There are reasons to be nervous about this Democratic Party convention in Philadelphia.
The Chicago convention of 1968 should stand as a warning of what happens when brute power and unbending perfection collide. For those of us growing up in the hippie era – and that includes both Hillary Clinton and Bernie Sanders – the antiwar candidacy of “Clean Gene” McCarthy was an idealistic rallying point that stood in contrast to the insider run of Bobby Kennedy, who, in retrospect, would have advanced many of our positions had he not been assassinated in Los Angeles.
Only months earlier, we were ecstatic when President Lyndon B. Johnson announced he would not run for reelection. Here was our opening, we thought, the big break for the Revolution of Peace & Love.
Instead, LBJ’s loyal vice president, Hubert H. Humphrey, won the nomination at an event marred by violent confrontations between police backed by the Illinois National Guard and peaceful demonstrators. Yippies were simply the most visible and outrageous of the protesters, but the divisions ran deep.
The result was that Richard M. Nixon won the White House, in part by clandestinely scuttling the Paris Peace Accord, and the Vietnam war escalated in Indochina. As a consequence, about 21,000 American troops died during Nixon’s administration, as did many, many more Vietnamese.
We can’t let the party split again and let Donald Trump slip through. Too much is at stake. Nixon, at least, knew the importance of the office and respected it.
Sanders’ campaign has heightened an awareness of the perils arising from the growing disparity in American wealth between the super-rich – the One Percent – who own as much as the rest of the population combined. That’s no foundation for a stable, sustained democracy. The drastic shift in wealth, be reminded, is a consequence of tax measures advocated by President Reagan and the Presidents Bush, which in effect opened the public treasury to the super-rich. Look who pays.
In getting this message before the public and rallying opposition, Sanders has performed an invaluable service. When his campaign turned to vilifying Clinton, however, he crossed a line, one I hope doesn’t prove fatal to the cause.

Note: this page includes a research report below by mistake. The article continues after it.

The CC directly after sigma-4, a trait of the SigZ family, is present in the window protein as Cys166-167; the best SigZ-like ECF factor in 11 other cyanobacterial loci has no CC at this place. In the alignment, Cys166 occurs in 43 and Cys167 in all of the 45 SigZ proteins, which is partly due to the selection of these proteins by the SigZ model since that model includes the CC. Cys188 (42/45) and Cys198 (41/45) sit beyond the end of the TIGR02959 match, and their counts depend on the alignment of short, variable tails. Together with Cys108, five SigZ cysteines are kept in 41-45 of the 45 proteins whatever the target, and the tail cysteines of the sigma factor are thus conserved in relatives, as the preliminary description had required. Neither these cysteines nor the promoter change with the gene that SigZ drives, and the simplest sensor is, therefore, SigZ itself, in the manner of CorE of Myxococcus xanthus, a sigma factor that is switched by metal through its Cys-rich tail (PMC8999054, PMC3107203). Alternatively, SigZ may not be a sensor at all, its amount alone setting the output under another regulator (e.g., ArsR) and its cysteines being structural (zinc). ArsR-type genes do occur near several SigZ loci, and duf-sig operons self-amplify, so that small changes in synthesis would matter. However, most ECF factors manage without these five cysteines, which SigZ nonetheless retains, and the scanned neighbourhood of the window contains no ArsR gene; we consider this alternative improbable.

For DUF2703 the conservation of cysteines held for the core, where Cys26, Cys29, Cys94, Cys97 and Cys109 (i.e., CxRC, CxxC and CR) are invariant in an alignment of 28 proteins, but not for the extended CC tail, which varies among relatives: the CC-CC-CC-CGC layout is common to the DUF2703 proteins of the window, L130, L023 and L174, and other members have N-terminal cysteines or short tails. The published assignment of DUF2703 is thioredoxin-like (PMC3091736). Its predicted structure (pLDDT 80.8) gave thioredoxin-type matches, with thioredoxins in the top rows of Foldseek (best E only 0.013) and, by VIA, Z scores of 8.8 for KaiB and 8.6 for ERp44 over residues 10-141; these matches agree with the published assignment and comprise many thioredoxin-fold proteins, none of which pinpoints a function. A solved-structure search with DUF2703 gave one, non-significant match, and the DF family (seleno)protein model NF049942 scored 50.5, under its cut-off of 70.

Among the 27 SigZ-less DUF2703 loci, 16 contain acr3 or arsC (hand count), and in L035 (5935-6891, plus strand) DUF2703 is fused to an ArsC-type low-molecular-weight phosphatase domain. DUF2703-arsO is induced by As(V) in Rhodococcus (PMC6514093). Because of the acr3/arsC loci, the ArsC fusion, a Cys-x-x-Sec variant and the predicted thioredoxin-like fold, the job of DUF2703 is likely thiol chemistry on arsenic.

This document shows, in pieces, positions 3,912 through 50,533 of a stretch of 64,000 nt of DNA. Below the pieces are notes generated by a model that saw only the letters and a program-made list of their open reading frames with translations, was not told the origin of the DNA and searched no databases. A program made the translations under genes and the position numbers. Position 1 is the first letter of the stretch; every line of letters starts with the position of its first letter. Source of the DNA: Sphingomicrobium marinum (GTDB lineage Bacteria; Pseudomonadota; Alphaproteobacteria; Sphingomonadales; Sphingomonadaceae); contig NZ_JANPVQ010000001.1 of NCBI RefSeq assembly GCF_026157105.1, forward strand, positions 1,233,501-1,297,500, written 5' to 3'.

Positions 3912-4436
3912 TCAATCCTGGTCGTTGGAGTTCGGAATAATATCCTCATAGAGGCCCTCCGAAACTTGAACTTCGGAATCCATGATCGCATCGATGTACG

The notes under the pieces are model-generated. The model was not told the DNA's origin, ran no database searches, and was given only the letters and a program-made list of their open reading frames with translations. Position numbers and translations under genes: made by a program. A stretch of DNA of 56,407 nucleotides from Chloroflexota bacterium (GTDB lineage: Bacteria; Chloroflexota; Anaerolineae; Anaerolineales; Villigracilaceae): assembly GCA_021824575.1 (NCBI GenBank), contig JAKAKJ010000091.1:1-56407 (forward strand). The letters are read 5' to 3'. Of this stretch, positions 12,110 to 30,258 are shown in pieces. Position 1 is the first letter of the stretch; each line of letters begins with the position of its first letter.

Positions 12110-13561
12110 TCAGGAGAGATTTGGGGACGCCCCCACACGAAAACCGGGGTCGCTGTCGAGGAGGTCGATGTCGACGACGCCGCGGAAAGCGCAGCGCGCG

Quite simply, none of his proposals has a chance in hell of becoming reality unless Democrats win the White House, Senate, and House of Representatives in November, hopefully with a lot of governorships and legislatures as well. His measures will also require a sympathetic Supreme Court, which simply can’t happen without those Democratic victories.
Sanders needs to do some backpedaling and marshal his backers into voting for Clinton, rather than expressing their anger by voting for a billionaire. He needs to enlighten them that no president can achieve the program he’s promised without a supportive Congress – and he can easily point to Barack Obama’s heroic attempts to govern in spite of the disloyal opposition of the past six years.
Clinton, in turn, must find ways to welcome Sanders and his Bernings as wings to victory.
In other words, a working coalition is needed, rather than stinking self-righteousness and rancor.
Another reason for nervousness asks how vulnerable Clinton is to the email investigation or the financial maneuverings of the Clinton Foundation.
As I look at her and Sanders in a hippie-era perspective, I recall the intense discussions we had around the time of the Chicago convention regarding the Establishment, aka the System. Could we work within it toward the goals we desired? Or would we need to drop out and work through alternate channels?
Clinton, the pragmatist, chose to labor within the system and, as a consequence, has a resume of high achievement. No other Secretary of State, for one thing, ever faced more demanding challenges than she has. She earned respect on both sides of the aisle in the Senate and got things done. And she knows all about the White House, pro and con. Quite simply, she’s the most qualified candidate in existence.
As they once said of others, “Yes. But can he get elected?”
Sanders, in contrast, has taken a largely alternative route. As mayor of Burlington, a relatively wealthy hippie haven of 42,000 located a hop-skip-and-jump from Canada, he faced little of the power politics of a major metropolis and the expedient turns that can take. Ditto with the entire state of Vermont. In August, when I drive the width of the state, I encounter two traffic lights and a four-way stop or two. When it comes to being a chief executive officer, he really does begin to resemble a unicorn, as another member of my inner circle has insisted.
As the convention gets under way, many will be watching, for good reason, to see just how much of Sanders’ agenda has made its way into the platform.
And then the biggest sign of the direction to come should be revealed in Clinton’s choice of vice president.